If you're a FEARnet fiend, you've probably watched just about all the classic and not-so-classic horror movies ever made, including every major flick that's come down the pipe over the past decade or two. (In my case, it goes back further than that, but we won't go there.) If you're a serious horror hunter, you'll dig through everything – '80s big-box VHS titles, gray market homemade DVD burns, obscure foreign stuff, and so on – in search of the next undiscovered artifact. That's why we loves us some interwebs: now we don't have to rely on twelfth-generation tape copies, flea markets and garage sales to get what we want.
So just for you, I've gone panning through some of the better-stocked streaming sites to find nuggets of horror gold (or fool's gold, depending on your taste) that are currently out of print or unavailable as legit DVD releases in the US. Sure, you can get some of them on DVD-R, or pick up a used copy... but why not give 'em a quick test-drive first?
Before we begin, bear in mind a couple of things: first, this is nowhere near a complete list, just some of the more interesting bits I found on my search; and second, streaming titles go in and out of circulation without much notice, so if you're interested, you might want to check their availability soon. Of course there's always new stuff cropping up - including right here in FEARnet's online movies section - so maybe this list will get you hyped to do a little hunting of your own.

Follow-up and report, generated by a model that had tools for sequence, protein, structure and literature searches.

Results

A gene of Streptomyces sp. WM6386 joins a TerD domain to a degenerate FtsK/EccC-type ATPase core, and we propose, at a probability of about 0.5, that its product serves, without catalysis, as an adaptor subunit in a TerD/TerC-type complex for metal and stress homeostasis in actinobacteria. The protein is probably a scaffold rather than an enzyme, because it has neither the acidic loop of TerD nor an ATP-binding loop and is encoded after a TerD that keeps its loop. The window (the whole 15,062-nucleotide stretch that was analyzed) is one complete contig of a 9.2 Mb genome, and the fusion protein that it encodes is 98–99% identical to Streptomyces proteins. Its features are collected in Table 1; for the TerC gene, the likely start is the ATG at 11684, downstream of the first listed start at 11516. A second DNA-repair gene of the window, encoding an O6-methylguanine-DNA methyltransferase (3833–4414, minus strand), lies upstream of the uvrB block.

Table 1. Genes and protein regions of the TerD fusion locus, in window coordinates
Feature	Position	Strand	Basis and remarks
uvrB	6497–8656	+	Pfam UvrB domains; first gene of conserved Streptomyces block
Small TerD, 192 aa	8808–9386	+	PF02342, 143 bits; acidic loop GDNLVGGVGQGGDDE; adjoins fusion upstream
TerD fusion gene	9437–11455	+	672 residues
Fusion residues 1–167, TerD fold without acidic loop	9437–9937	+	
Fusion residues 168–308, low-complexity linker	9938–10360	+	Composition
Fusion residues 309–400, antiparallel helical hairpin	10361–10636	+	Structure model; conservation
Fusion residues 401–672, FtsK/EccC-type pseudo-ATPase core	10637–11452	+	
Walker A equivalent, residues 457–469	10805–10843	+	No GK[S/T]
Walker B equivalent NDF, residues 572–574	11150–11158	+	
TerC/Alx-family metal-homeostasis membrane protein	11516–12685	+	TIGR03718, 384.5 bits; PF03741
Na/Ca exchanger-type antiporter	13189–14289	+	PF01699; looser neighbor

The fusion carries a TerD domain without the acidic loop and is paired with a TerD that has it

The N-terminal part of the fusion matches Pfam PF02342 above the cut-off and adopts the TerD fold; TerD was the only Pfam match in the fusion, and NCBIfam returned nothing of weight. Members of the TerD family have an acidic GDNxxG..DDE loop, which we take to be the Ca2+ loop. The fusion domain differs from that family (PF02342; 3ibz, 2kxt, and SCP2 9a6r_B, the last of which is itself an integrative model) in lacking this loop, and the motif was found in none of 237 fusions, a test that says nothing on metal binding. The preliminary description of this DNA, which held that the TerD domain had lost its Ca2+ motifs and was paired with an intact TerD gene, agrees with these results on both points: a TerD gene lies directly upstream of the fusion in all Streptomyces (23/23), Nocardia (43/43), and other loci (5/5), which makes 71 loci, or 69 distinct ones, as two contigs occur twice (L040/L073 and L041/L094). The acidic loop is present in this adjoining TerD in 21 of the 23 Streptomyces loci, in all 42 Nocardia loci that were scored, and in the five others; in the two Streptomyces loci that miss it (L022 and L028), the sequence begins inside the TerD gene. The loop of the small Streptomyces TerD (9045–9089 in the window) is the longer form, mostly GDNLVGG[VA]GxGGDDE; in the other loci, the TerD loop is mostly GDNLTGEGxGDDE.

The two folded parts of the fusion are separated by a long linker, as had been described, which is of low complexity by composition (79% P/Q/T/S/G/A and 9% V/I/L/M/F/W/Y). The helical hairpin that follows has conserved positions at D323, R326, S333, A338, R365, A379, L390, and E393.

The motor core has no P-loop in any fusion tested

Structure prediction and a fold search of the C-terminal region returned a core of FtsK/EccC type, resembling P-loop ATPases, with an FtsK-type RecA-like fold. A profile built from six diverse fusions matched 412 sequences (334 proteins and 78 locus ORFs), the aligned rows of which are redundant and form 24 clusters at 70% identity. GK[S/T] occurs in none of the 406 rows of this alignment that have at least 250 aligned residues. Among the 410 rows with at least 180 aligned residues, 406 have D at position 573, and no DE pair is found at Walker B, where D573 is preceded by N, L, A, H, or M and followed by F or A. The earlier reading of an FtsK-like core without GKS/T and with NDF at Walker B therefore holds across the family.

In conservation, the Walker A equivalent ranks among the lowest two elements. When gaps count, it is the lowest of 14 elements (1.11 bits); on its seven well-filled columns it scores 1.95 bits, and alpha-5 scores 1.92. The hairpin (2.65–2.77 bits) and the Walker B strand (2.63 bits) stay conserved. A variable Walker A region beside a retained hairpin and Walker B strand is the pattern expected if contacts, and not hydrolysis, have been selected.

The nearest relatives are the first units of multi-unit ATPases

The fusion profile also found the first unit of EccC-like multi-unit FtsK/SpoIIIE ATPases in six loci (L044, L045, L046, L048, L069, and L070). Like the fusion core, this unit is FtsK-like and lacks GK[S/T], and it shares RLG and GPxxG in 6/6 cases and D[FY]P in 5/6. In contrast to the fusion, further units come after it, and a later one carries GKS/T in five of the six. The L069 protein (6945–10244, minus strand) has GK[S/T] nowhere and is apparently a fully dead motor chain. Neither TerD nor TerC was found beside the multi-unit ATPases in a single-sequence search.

But hey, let's ditch the shop-talk and get to the flicks. Each entry comes with a trailer, so you can get some idea of what's lurking out there...
A year before he terrified us with pastel sport coats in Miami Vice, director Michael Mann set out to adapt F. Paul Wilson's World War II vampire novel into an epic film... but forgot the vampire. Then the studio hacked it up until it made no sense whatsoever. The visuals and Tangerine Dream's score are awesome, but the end result left most viewers saying, "Did you just dose my Dr. Pepper?" Such is the glorious WTF-ness of The Keep. It's never had a DVD release, so it's definitely worth checking out on Netflix - especially to see the beautiful widescreen compositions, hear the moody music and watch future Gandalf/Magneto Ian McKellen totally lose his shit.
House of Dark Shadows & Night of Dark Shadows
No doubt with the Burton/Depp adaptation in the works, someone will release these two sweet flicks on DVD soon, but it's a crime they haven't done it already. The original TV horror soap was cheesy gothic fun, but the movies – made in 1970 and '71 – allowed series creator Dan Curtis to take the Collins family to the next level of creepy, including much more bloodletting than was allowed on TV at the time. Both movies look gorgeous, and there's some seriously scary and funny moments in each, but only the first one features the show's mighty vampire star Barnabas (the second focuses on his more dashing relative Quentin). Both are streaming on Amazon.